Peter and John run to see what Mary saw first. 

            Ted Jennings points out why these two might have been hanging out together.  Peter had denied Jesus the night before and was full of shame and guilt and might have needed to unburden himself of his failures.  And the one whom Jesus loved had been there are the crucifixion, watching the horrible, violent death of the one he had loved.  Maybe he was seeking comfort too?  Were they consoling one another in their grief?

            And so they run to see what happened and the one whom Jesus loved gets there first and stops and looks and can’t go in.  I like what Ted Jennings writes, “One may suppose that the loved one hesitates also because he is still traumatized by the sight of the mangled bleeding corpse of his lover only some hours before.”

            But Peter rushes in, as impetuous Peter is wont to do.  And is then followed by the other,  beloved disciple.  And we are told that the beloved immediately believes. 

            Maybe what the beloved immediately believes is that life has defeated death?  Warren Carter points out that life versus death has been one of the dominant themes of Jesus’ teaching in the Gospel of John.  “I am come that you may have life and have it more abundantly,” he tells them.  Jesus is repeatedly inviting people into new life.  Inviting them to engage in activities that are life-giving and life-affirming.  And a kind of life that is eternal—that transcends time and all the constraints of our human lives.

            “Eternal livingness” is how the great German theologian Jurgen Moltmann describes the teaching of Jesus.  Which he points out is not about length of life but is, instead, “depth of experience in the moment.”  He writes beautifully,

But it is at the same time a life that begins every moment, and an awakening vitality, provided that we look to the future and welcome the possibilities of the new morning.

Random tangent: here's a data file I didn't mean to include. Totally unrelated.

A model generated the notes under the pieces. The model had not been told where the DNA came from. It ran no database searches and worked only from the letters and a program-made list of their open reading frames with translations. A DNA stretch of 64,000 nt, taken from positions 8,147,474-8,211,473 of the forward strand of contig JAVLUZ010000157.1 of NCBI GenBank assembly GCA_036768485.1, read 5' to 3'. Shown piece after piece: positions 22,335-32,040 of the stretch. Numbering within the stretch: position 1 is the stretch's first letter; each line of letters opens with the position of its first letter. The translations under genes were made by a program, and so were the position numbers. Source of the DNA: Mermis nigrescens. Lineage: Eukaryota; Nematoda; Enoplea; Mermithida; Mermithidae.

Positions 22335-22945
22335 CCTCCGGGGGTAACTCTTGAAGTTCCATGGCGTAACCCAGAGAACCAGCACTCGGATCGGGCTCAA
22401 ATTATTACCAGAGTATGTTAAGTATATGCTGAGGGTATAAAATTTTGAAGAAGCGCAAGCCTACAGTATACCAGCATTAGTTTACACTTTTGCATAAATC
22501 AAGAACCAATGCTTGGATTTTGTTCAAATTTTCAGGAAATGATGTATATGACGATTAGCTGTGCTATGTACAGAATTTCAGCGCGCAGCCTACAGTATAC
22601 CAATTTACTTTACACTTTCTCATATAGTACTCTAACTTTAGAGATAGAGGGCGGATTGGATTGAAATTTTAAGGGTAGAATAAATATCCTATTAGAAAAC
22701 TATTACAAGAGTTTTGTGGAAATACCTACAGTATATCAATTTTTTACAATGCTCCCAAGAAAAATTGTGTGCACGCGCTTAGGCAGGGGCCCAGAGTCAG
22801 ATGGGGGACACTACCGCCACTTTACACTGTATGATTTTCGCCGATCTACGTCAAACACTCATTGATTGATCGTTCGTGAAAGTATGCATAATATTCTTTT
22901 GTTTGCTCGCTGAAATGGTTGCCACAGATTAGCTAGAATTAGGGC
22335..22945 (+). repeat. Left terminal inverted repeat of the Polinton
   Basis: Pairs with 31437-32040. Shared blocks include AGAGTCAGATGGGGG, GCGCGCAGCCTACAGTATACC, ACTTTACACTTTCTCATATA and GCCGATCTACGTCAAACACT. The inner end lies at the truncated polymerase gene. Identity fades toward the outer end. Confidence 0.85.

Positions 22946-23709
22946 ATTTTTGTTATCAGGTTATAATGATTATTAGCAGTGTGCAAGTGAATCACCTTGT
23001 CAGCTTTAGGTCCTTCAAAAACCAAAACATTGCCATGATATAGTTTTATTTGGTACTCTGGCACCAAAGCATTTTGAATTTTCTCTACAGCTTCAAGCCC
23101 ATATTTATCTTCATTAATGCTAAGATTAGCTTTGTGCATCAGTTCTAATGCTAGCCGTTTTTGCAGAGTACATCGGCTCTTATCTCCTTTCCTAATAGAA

The kind of life Jesus offers us is also “infectious livingness,” which, Moltmann points out, results in a “new courage for living.”  This is power that kindles within us the sense of life beyond death, that every moment of every day is ripe with possibilities for new beginnings. 

            Warren Carter then says “Those who believe in [or] entrust themselves to Jesus already have eternal life.  Already now they participate in a life free from what is contrary to and opposes God’s purposes.”

            To believe, in this case, isn’t to affirm a proposition, but is to embrace the fullness of life offered by Jesus.  Is to entrust oneself to what Jesus has taught and witnessed to.  To live with courage and hope in the possibilities of a new and better future that transcends all human constraints and defeats the forces of death.

            That’s why the characters in C. S. Lewis’s The Last Battle ran with joy and abandon at the end of one world and the beginning of a new and better one.

            Our response to the empty tomb of Easter ought to also be one of joy and courage and hope.  This is our reminder that we too can be a part of God’s great and good work in the world.  Our takeaway should be—to look every day for the ways we can participate in God’s life-giving work.

            Warren Carter summarizes our task this way, whatever “manifests God’s life-giving, loving, and liberating purposes should guide our thinking and shape our practices.”

            And when we see and embrace God’s life-giving work, then we experience that infectious livingness, we get our moment of eternal life.  That is when we find ourselves in intimate union with God.

            These stories invite us to participate in God’s life, they are invitations to intimacy.

            And, so, this Easter Sunday I invite you to find some way this afternoon to experience the joy of living fully.  If that’s playing or listening to music, taking a walk on this beautiful day, laughing with friends and family, or maybe, for you, it is running.